The Matrix 4 appears to be using the same ambitious approach to filmmaking that helped make the original film so groundbreaking. Although very little is currently known about the plot, characters, or mythology of this latest sequel to 1999’s The Matrix, recent comments seem to indicate that the film’s production is finding unique ways to use state-of-the-art technology to tell its story. And if that’s the case, this fourth Matrix film could possibly find itself in the same league as the revolutionary original.
Directed by Lana Wachowski, The Matrix 4 (likely to be officially titled The Matrix Resurrections) will see the return of franchise veterans Keanu Reeves, Carrie-Anne Moss, and Jada Pinkett Smith. One of the film’s new faces will be Aquaman and Candyman actor Yahya Abdul-Mateen II, who is rumored to be playing a young Morpheus. In a recent interview with THR, Mateen spoke about his experience on the set, expressing in his statements his amazement with the “technology that Lana incorporated and the filmmaking, camera rigs that I’ve never seen before. It’s so ambitious.”
While Mateen’s interview didn’t reveal any key story elements, the fact that he saw “ambitious” technology being used during filming is an encouraging sign. The Wachowskis are renowned for their ability to push film technology in new directions. If The Matrix 4 can embrace this tradition and update it with the latest tech, the film could become a groundbreaking action/sci-fi milestone, much like the original.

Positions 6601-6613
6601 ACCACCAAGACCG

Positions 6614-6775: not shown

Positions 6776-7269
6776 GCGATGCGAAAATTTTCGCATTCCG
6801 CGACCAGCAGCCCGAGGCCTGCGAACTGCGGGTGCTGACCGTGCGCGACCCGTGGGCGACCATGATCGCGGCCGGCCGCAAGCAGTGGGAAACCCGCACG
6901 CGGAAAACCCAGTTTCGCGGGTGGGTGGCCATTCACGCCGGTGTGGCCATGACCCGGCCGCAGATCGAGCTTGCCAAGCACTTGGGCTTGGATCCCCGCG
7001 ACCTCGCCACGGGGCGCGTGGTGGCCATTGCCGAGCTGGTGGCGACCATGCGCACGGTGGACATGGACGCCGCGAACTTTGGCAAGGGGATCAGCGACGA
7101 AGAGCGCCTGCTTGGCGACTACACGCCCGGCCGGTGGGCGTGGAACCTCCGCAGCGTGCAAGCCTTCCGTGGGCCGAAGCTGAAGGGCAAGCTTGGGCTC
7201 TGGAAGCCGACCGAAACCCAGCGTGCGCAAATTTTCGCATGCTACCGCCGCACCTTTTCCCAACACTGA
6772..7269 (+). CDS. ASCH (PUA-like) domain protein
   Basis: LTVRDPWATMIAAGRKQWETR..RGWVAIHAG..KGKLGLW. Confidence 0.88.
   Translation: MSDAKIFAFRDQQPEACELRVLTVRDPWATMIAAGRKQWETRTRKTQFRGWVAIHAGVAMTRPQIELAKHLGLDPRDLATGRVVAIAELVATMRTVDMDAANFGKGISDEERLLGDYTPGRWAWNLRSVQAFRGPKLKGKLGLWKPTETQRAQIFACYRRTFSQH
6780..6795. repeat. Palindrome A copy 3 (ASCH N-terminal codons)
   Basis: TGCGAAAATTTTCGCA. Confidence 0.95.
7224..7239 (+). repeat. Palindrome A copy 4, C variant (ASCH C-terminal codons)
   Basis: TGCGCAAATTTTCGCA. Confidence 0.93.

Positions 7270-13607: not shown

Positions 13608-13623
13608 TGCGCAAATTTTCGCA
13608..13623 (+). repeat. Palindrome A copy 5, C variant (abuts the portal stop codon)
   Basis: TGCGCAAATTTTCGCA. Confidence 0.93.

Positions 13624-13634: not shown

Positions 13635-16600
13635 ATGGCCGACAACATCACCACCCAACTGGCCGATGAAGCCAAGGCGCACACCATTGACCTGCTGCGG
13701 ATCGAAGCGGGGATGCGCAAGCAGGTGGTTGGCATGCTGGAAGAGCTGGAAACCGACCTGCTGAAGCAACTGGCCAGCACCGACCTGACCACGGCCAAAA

When the first Matrix film was released in 1999, audiences had never seen anything like it before. Not only was the story itself fresh and unprecedented, but the film’s presentation was wholly unique. Using computer-enhanced martial arts stunts, Hong Kong-inspired cinematography, and revolutionary camera tricks, the Wachowskis crafted a film unlike any other. While the film’s duo of sequels continued to tread new ground in the realm of computer graphics and camera angles, nothing has ever come close to the freshness of the first film.
With nearly two decades having passed since the release of The Matrix Revolutions, the final installment of the initial trilogy, filmmaking technology has made incredible leaps. What’s more, the kung-fu fights and slow-motion “bullet-time” effects of the first film have been done, re-done, copied, and parodied countless times. While audiences are likely to see these fun and nostalgic tricks repeated in The Matrix 4, it seems that Lana Wachowski might be using the film as an opportunity to do something new. If this is the case, The Matrix 4 might just be able to do what the original film did 22 years ago: push boundaries, break new ground, and use fresh techniques to leave audiences in awe.